Regular readers of electronic literature, if not browsers of the internet in general, will quickly know to click hyperlinks to advance the portions of the game composed in Twine. As for the parts designed to proceed like a traditional arcade-style platformer, controls are relatively simple to pick up for most anyone familiar with the arrow keys on their computer keyboard. Right and left keys move the reader-player's pixleated block avatar right and left, while up prompts the block to jump, an essential mechanic to [[completing Salter and Murray's videogame essay.]]As an experience in storytelling, *Blocked In* presents a fascinating argument that deftly connects the disciplinary aftermath of debates over narratology and ludology to larger cultural ramifications in the field of game studies. Whether reader-players chose the ludological or narratological answer to the question “What is a game?” (or even the third option available: “A game isn't either of those things”), they proceed to say that, “Some people look at games through the lens of narrative.” From here they make sure to clearly prioritize that storytelling is a crucial part of the videogame experience, intimating that any methodology less is at best “ludo-centric” and at (its often) worst “ludo-fundamentalist,” in <a href="https://web.archive.org/web/20160301012646/https://normallyrascal.com/2015/01/13/why-i-said-ludo-fundamentalism/"; target="_blank">the words of Stephen Beirne</a> which they helpfully hyperlink out to.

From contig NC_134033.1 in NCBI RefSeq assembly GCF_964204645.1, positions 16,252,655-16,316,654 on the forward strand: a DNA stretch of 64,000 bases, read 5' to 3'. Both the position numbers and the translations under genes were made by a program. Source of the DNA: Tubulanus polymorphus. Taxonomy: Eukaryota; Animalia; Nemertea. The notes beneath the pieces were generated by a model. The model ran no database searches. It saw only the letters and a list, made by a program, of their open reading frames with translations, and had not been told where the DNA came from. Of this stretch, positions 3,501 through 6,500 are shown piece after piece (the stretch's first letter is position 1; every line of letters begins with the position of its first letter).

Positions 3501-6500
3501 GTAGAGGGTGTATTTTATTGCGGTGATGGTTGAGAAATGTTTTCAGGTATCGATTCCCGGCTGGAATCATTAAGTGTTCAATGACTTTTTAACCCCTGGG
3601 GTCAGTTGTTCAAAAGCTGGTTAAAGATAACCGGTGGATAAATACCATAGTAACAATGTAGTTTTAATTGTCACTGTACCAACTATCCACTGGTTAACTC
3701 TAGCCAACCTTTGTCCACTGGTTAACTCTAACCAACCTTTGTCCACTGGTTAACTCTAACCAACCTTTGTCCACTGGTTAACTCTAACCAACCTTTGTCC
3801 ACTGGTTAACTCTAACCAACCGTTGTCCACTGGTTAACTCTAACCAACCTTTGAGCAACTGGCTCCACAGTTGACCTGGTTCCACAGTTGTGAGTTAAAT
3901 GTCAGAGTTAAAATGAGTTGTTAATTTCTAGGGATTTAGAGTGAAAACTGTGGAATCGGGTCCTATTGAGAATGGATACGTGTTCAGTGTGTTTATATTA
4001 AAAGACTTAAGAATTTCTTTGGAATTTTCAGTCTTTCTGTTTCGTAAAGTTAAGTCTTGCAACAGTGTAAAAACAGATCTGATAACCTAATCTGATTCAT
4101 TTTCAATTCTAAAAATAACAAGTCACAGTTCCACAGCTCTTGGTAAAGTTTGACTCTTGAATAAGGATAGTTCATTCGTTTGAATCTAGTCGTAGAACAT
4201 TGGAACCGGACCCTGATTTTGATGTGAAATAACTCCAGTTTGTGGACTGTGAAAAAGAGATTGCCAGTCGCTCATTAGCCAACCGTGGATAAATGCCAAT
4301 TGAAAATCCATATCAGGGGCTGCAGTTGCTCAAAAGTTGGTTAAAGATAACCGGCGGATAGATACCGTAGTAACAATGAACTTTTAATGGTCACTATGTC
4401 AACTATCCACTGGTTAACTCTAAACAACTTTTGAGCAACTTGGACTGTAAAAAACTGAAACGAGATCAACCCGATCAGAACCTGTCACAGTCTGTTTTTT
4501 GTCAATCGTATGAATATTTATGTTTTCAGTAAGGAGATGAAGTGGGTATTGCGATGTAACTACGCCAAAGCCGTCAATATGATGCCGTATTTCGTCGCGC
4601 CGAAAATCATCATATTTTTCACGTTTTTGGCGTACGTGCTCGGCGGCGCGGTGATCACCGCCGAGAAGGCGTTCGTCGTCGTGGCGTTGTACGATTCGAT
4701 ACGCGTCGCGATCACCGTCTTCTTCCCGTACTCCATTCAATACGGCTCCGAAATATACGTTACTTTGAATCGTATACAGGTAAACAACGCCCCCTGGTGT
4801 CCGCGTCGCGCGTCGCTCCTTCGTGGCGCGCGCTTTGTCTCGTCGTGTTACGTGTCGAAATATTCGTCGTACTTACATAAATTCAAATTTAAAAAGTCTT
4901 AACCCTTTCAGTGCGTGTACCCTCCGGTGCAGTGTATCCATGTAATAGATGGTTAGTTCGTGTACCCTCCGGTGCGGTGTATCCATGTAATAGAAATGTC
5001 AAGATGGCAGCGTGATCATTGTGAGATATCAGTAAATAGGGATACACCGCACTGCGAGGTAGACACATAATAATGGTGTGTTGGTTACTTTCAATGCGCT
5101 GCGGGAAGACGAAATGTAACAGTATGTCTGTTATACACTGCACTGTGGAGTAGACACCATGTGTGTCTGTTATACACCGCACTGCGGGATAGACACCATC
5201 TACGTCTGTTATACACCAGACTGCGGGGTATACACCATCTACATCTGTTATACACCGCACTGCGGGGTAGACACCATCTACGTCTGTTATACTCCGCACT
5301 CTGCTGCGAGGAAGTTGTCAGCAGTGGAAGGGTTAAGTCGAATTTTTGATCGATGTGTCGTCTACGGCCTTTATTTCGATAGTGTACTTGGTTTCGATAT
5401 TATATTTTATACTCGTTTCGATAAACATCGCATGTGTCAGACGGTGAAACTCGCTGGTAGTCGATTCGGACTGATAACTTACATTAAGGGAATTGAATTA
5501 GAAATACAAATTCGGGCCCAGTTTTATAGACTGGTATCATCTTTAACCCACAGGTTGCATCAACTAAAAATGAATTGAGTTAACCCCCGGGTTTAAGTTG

Salter and Murray encourage us to think of videogames as much more than just fun, but as important cultural artifacts up to the snuff of great art (with all due respect to the memory of Ebert) or, in this purview, [[the best of electronic literature.]] Their argument is certainly brief, and *Blocked In* feels too short, but it manages to pack more punch than any fighting game to make a necessary argument that the future of game studies needs to work against reactionary tendencies “for rejecting change, for rejecting the weird, the narrative, the serious, the boundary-breaking in games.” As game studies allies itself with e-lit, maybe we can [[make that change start to happen->one last page offering the reader-player options of different free tools for making their own games.]] at various scale and in various spheres of influence.Ultimately, *Blocked In* is both videogame and essay in ways that demonstrate future potential for how each medium and genre can complement and enhance the strengths of one another. Salter and Murray speak to the future of games by saying it “isn’t just an academic argument: it’s a forum debate, a Twitter hashtag, a successful Steam Greenlight campaign and a failed Kickstarter.” They claim that is a future “we are defining…through not only what we play, but…most importantly what we make.” The game concludes then by asking [[“What will you make?”]], a question which hyperlinks to [[one last page offering the reader-player options of different free tools for making their own games.]]Using such a free tool, I have composed this review in Twine to take up the challenge that Salter and Murray proffer to fields such as e-lit. While *Blocked In* feels in some ways too short and too linear for a game that is part hypertext, it still does the incredible work of not only asking the hard questions, but performing them— and even calling upon the reader-player to perform it with them as active participant in the videogame experience. Salter and Murray show us that academic scholarship about born-digital media such as videogames and e-lit needs more critical-creative making to better engage with the changing narrative and ludic logics of the made.